The Good Mother
 
Rousseau
"Reading, solitude, idleness, a soft and sedentary life, intercourse with women and young people, these are perilous paths for a young man, and these lead him constantly into danger." - Jean Jacques Rousseau
Forms of Identity: Women Artists in the 90s at OCMA
Saturday, April 1
Maurice Quentin La Tour.
Jean Jacques Rousseau. 1753.

 

 

 

 

 

 

 

 

 

 

Emile: Or, On Education
by Jean-Jacques Rousseau 1762

 
Rousseau promoted the idea of the "good mother" = a woman who was completely committed to the care of her children and sacrificed all freedoms for their best interest
 
  • He demanded that middle class women devote themselves to the care of the family, breastfeeding, and keeping a comfortable home
 
  • "Rousseau viewed the saloniere as a threat to the natural dominance of men, the salon as a prison in which men were subjected to the rule of women." - Chadwick
Elisabeth-Louise Vigee-Lebrun, Portrait of Marie Antoinette with Her Children, 1787.

 

 

 

 

 

 

 

 

 

 

"When the preposterous charges of inappropriate behavior with her son were leveled against her, the unhappy mother made no reply. Urged anew to explain herself, she said, with extraordinary emotion, 'I thought that human nature would excuse me from answering such an imputation, but I appeal from it to the heart of every mother here present.'” - Awesome Stories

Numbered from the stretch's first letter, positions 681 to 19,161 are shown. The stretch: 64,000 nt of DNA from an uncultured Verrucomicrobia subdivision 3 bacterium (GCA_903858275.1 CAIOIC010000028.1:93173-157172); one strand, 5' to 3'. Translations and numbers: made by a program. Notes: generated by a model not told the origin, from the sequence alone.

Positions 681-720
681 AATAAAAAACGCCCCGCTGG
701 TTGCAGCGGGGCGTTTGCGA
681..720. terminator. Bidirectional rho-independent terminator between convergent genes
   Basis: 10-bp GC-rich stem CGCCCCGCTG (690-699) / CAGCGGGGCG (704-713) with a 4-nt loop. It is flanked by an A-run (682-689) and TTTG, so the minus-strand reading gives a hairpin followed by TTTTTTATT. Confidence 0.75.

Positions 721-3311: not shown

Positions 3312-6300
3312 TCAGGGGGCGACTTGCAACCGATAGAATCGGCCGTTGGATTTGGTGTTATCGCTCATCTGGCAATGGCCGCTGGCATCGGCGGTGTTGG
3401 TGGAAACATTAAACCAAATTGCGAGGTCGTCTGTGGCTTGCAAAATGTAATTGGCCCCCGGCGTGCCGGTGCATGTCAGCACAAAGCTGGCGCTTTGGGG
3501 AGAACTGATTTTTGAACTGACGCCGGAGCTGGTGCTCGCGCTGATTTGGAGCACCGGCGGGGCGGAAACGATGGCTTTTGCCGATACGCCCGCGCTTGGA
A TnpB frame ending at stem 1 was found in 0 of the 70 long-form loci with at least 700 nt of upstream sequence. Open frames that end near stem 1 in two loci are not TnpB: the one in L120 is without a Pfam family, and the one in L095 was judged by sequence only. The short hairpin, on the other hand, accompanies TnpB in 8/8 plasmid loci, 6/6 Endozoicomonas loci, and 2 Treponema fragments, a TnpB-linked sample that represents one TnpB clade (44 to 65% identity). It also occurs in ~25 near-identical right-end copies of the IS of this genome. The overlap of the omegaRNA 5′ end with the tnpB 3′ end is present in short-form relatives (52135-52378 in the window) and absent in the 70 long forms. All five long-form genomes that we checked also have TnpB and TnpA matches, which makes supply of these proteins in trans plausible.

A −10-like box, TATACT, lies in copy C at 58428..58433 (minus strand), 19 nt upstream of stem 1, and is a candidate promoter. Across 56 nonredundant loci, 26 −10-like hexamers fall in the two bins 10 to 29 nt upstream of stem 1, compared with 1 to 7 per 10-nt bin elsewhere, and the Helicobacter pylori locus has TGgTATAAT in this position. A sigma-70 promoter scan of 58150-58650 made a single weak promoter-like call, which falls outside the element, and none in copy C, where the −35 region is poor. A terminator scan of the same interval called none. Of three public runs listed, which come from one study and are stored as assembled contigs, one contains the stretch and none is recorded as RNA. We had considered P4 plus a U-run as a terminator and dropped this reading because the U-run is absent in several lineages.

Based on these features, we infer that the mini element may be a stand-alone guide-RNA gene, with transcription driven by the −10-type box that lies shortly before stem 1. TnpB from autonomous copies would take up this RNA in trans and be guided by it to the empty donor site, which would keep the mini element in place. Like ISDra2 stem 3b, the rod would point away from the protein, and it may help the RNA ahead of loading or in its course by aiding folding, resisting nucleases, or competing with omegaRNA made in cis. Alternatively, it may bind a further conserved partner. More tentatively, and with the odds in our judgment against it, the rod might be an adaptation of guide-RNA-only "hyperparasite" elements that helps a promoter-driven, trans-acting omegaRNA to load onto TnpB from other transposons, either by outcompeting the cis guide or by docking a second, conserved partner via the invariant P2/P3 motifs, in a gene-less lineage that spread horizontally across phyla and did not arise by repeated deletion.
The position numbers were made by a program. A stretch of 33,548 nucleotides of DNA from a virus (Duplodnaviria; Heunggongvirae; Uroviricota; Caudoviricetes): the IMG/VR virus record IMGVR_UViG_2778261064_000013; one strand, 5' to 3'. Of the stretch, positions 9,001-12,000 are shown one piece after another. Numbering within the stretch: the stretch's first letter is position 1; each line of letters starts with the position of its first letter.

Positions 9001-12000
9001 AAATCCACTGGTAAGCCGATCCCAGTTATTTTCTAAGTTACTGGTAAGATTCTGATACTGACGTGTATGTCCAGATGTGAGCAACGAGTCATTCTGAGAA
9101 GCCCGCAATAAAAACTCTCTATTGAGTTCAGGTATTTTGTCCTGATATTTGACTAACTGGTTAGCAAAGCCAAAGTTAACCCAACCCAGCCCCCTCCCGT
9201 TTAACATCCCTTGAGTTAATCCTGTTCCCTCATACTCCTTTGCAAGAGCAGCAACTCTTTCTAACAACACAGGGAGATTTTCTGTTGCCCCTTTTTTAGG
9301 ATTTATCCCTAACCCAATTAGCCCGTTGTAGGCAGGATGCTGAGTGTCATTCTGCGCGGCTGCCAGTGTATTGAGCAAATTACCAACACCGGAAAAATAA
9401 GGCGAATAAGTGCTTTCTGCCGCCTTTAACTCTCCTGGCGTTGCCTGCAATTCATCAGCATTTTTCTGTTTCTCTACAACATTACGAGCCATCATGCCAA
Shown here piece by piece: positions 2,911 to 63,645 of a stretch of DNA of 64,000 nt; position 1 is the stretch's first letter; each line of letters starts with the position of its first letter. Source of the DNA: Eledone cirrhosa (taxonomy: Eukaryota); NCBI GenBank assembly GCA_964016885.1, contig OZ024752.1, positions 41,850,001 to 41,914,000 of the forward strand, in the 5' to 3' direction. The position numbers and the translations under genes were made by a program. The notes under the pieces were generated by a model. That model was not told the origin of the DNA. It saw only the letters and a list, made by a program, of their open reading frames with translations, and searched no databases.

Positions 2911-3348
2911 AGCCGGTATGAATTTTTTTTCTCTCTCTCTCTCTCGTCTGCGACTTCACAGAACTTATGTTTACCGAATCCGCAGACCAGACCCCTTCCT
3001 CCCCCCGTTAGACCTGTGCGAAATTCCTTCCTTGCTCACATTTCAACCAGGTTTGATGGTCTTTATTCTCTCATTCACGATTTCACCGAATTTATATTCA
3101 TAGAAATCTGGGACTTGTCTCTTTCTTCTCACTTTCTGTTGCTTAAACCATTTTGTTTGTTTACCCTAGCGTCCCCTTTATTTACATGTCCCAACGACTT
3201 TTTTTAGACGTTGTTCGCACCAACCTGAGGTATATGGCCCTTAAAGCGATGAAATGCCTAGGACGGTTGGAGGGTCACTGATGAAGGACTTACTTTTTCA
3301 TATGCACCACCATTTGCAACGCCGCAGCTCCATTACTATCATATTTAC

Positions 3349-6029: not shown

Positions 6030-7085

Alexandre Kucharski, Unfinished portrait of Marie-Antoinette, 1774 - 1792.

 

 

 

 

 

 

 

 

 

 

Leonard de Selva, Louis XVI Execution, 1793.

 

 

 

 

 

 

 

 

 

 

Execution

Jacques-Louis David, Marie Antoinette Awaiting Execution, 1793.

 

 

 

 

 

 

 

 

 

 

Motherhood

"[Early modern] women knew about the contraceptive effect of prolonged breast-feeding. They also made use of sponges, coitus interruptus, and abstinence, none of which was approved by the Church. Condoms made of animal bladders were known but lurked outside of respectability. The English called them 'French Letters'; the French in turn named them 'English hats.'" - Shari L. Thurer in Myths of Motherhood
  • average family in 17th century had 6.5 children
  • average family in the 18th century had 2 children
Rousseau must have seen the freedoms promised to women by birth control as threatening patriarchal control and thus advocated containing women to the domestic sphere because it was her "natural" place
Marguerite  Gerard, Motherhood, c. 1800.